Nathan John Verner leaves court on a suspended sentence for carnal knowledge.
Nathan John Verner leaves court on a suspended sentence for carnal knowledge.

Married man has sex with girl, 13, gets her pregnant

A married man who got a 13-year-old girl pregnant told his psychologist he was allergic to condoms.

Nathan John Verner, now 39, was handed a suspended sentence on Wednesday for carnal knowledge in 2017.

Maroochydore District Court heard he had recently separated from his wife when he had unprotected sex with the teenage girl on three separate occasions.

She was not related to him.

"She became pregnant and she gave birth to a child fathered by him," crown prosecutor Christopher Cook said.

"DNA testing indeed confirmed that Mr Verner is the father of the child.

"The fact that the offence produced a child is a serious aggravating feature."

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Verner told police he didn't realise how young the girl was but a friend had told him she was 15.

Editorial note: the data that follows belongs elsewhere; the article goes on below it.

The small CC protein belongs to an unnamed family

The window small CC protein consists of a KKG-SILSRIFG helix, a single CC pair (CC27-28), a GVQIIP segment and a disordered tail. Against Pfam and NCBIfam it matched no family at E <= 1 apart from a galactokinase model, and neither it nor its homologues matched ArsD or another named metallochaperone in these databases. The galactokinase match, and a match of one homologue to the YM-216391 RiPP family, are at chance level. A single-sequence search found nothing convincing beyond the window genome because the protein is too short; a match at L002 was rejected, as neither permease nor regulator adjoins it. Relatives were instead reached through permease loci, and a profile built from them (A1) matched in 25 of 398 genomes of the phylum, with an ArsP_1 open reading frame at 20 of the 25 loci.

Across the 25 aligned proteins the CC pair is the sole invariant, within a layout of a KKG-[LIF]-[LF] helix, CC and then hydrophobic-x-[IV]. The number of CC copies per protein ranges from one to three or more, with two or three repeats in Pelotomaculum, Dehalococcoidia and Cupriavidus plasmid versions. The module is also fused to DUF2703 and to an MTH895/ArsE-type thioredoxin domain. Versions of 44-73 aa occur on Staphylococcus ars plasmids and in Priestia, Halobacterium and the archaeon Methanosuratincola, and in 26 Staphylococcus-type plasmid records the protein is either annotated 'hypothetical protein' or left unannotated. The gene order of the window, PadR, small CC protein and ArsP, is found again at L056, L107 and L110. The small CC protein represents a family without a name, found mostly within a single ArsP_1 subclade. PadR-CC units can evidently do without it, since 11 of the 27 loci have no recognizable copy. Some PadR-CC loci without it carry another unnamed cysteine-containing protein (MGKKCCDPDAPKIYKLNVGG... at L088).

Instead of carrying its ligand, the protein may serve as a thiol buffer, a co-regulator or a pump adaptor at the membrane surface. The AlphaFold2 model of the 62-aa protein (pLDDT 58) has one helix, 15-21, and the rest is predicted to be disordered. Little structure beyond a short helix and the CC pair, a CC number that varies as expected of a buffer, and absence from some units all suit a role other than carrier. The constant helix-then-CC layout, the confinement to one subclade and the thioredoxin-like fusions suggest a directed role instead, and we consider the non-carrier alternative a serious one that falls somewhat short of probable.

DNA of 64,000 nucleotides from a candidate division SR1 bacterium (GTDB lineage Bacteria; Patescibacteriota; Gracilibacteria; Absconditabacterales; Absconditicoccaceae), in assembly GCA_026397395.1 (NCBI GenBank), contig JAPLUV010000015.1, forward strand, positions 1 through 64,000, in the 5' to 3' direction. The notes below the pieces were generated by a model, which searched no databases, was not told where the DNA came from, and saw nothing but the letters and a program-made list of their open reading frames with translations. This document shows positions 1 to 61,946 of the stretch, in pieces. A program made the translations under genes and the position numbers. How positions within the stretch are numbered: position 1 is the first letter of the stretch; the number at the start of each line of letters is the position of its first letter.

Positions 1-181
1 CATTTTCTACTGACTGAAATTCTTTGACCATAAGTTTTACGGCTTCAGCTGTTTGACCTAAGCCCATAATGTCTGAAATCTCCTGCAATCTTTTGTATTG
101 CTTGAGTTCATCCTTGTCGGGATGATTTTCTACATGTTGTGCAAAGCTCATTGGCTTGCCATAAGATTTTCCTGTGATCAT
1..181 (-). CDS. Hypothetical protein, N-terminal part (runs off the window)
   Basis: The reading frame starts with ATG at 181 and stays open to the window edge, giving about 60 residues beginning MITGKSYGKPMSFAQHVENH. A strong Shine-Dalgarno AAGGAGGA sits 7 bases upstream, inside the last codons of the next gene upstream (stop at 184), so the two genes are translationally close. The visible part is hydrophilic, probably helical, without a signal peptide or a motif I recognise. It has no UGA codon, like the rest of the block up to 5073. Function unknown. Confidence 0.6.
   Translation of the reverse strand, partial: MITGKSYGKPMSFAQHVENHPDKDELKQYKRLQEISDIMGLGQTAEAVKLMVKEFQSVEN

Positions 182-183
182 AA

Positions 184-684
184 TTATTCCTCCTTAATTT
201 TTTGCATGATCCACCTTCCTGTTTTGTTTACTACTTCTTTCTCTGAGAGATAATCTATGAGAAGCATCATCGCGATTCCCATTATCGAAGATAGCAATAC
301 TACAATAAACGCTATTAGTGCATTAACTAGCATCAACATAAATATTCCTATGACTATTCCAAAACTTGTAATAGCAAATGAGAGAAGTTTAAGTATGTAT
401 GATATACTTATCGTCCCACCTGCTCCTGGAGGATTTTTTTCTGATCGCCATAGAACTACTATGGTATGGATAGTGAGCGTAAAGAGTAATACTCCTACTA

Mr Cook argued Verner should have inquired further to find out the girl's real age.

"The law of course places the onus on him," he said.

Verner on Wednesday pleaded guilty to three counts of carnal knowledge.

He had no prior criminal history.

Defence barrister Nathan Turner said Verner, who had a son from a previous relationship, had no contact with the girl since the offence.

He tendered to the court a picture of the girl at the time of the offending.

"In my submission, you could draw an inference that the complainant was not a child that looked under the age she actually was," Mr Turner said.

"It's not the case that she looked like a 12-year-old child."

Judge Glen Cash said he couldn't consider the photo.

"Because my subjective view of whether someone looks like a young person, or of their age or not, is my view," Judge Cash said.

"And that's going to differ from yours and Mr Cook's and everyone else's."

Mr Turner argued Judge Cash could find exceptional circumstances and not sentence Verner to actual jail.

He said Verner had a learning development impairment which a psychologist found could lead to poor judgment and gullibility.

"She was not a naive girl and the defendant was not her first sexual partner," Mr Turner said.

Judge Cash considered Verner's timely guilty pleas, lack of criminal history and co-operation with police.

"You did not use force, intoxicants or intimidation to have her submit to sex," he said.

Judge Cash found there was exceptional circumstances and sentenced Verner to two years in jail, wholly suspended.